Party, horse race take centre stage at Queen Elizabeth's Jubilee
The concert will also feature a specially recorded performance by Elton John, a performance from rock band Queen + Adam Lambert, and conclude with Diana Ross's first live appearance in Britain in 15 years. Queen guitarist Brian May, who played the national anthem from the roof of the palace at a concert for Elizabeth's golden jubilee in 2002, said the band was happy to have been invited again.
A pop concert, featuring the likes of singers Alicia Keys and Diana Ross, and the Epsom Derby horse race take centre stage on the third day of Britain's nationwide celebrations for Queen Elizabeth's Platinum Jubilee. However, the 96-year-old monarch, a huge horse-racing fan and owner of many thoroughbreds, will skip the 243rd running of the Derby because of "episodic mobility problems" that also forced her to miss a thanksgiving service in her honour on Friday.
Her daughter Princess Anne, who competed in the three-day equestrian event in the 1976 Olympics, is expected to stand in for her mother. Later on Saturday, performers from around the world will entertain some 22,000 people at the "Platinum Party at the Palace", while Elizabeth's son and heir Prince Charles and grandson Prince William will speak.
The queen herself had not been expected to attend. The concert will also feature a specially recorded performance by Elton John, a performance from rock band Queen + Adam Lambert, and conclude with Diana Ross's first live appearance in Britain in 15 years.
Queen guitarist Brian May, who played the national anthem from the roof of the palace at a concert for Elizabeth's golden jubilee in 2002, said the band was happy to have been invited again. "Then there was a moment when I wondered ... after Buckingham Palace roof where can you go? Well ..., you will see," he said.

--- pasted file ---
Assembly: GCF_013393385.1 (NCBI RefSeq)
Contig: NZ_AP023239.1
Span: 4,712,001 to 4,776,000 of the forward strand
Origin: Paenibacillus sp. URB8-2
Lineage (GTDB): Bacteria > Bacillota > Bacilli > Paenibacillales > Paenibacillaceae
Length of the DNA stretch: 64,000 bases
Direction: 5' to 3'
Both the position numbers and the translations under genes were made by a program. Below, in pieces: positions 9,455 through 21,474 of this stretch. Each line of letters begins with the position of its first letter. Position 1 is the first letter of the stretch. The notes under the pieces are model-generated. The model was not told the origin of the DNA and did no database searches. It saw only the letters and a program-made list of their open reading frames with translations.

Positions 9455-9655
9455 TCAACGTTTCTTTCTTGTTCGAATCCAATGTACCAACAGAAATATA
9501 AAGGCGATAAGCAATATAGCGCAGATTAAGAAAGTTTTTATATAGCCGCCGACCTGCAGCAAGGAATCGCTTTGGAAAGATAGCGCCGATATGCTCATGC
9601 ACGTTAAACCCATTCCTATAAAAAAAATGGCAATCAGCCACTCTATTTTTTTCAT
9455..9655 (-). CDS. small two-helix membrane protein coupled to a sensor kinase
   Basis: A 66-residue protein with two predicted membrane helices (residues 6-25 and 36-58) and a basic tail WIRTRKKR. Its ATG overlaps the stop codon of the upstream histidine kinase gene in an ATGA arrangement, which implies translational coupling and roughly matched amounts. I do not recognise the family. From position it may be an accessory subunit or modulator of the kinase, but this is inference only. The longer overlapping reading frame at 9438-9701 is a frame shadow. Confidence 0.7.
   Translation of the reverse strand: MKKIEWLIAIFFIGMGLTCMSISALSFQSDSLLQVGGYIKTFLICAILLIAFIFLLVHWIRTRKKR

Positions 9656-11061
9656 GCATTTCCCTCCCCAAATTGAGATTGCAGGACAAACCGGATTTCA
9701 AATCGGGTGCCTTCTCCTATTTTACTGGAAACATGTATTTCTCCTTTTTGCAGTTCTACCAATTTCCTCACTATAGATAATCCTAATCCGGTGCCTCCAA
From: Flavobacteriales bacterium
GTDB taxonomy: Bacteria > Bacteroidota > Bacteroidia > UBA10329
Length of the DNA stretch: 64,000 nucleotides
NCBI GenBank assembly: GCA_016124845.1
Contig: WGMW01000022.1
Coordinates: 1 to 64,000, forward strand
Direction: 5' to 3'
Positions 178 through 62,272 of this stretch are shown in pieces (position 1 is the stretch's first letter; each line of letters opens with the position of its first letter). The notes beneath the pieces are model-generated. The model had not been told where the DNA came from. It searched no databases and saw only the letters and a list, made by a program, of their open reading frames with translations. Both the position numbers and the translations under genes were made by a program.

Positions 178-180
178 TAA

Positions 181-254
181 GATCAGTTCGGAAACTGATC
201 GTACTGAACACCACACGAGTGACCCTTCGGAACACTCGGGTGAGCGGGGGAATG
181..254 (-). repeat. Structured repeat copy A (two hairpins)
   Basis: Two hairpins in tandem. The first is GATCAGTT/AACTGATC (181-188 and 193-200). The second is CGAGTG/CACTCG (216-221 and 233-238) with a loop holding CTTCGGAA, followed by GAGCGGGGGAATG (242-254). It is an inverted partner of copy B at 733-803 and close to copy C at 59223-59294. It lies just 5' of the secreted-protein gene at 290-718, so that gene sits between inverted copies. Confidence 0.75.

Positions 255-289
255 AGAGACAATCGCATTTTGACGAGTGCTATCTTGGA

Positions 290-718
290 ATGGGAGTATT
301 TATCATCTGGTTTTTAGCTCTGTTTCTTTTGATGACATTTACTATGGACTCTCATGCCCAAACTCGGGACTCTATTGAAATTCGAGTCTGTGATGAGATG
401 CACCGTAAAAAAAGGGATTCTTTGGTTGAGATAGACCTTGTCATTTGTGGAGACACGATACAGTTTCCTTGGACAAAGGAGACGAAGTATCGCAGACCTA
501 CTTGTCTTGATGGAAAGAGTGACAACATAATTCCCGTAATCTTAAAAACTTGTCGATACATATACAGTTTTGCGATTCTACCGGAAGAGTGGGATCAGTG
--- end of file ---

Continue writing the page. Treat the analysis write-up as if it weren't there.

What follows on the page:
Another participant, veteran U.S. musician and record producer Nile Rodgers, said he had no idea what he would be playing. "I look at it like this - whatever the queen asked me to do or her representatives or whatever, I will do that," he told BBC TV.
LILIBET'S BIRTHDAY Four days of celebrations to mark the monarch's record-breaking 70 years on the throne began with a military parade, a Royal Air Force flypast, and the lighting of beacons across Britain and the world.
During Friday's National Service of Thanksgiving at St Paul's Cathedral in London, Archbishop of York Stephen Cottrell used a horse racing analogy in his sermon to pay tribute to the queen. "Your Majesty, we are sorry that you're not here with us this morning, but we are so glad that you are still in the saddle," he said. "And we are glad that there is still more to come. So thank you for staying the course."
A sideshow to the main celebrations has been Prince Harry and his American wife Meghan making their first public appearance together in Britain since quitting official duties to move to Los Angeles two years ago, during which time their relationship with other royals has become strained. Notably on Saturday, the official Twitter accounts for the monarch, Prince Charles and Prince William all sent messages almost simultaneously to mark the first birthday of Lilibet, the couple's daughter who is named after the queen.
Elizabeth had not met her great-granddaughter prior to the trip, and Buckingham Palace has not commented on newspaper reports they had now finally been introduced. Harry and Meghan have become divisive figures, with supporters regarding them as a breath of fresh air for the tradition-bound monarchy, while critics and many newspapers pour scorn on their behaviour and commercial activities such as striking a deal with global streaming service Netflix.
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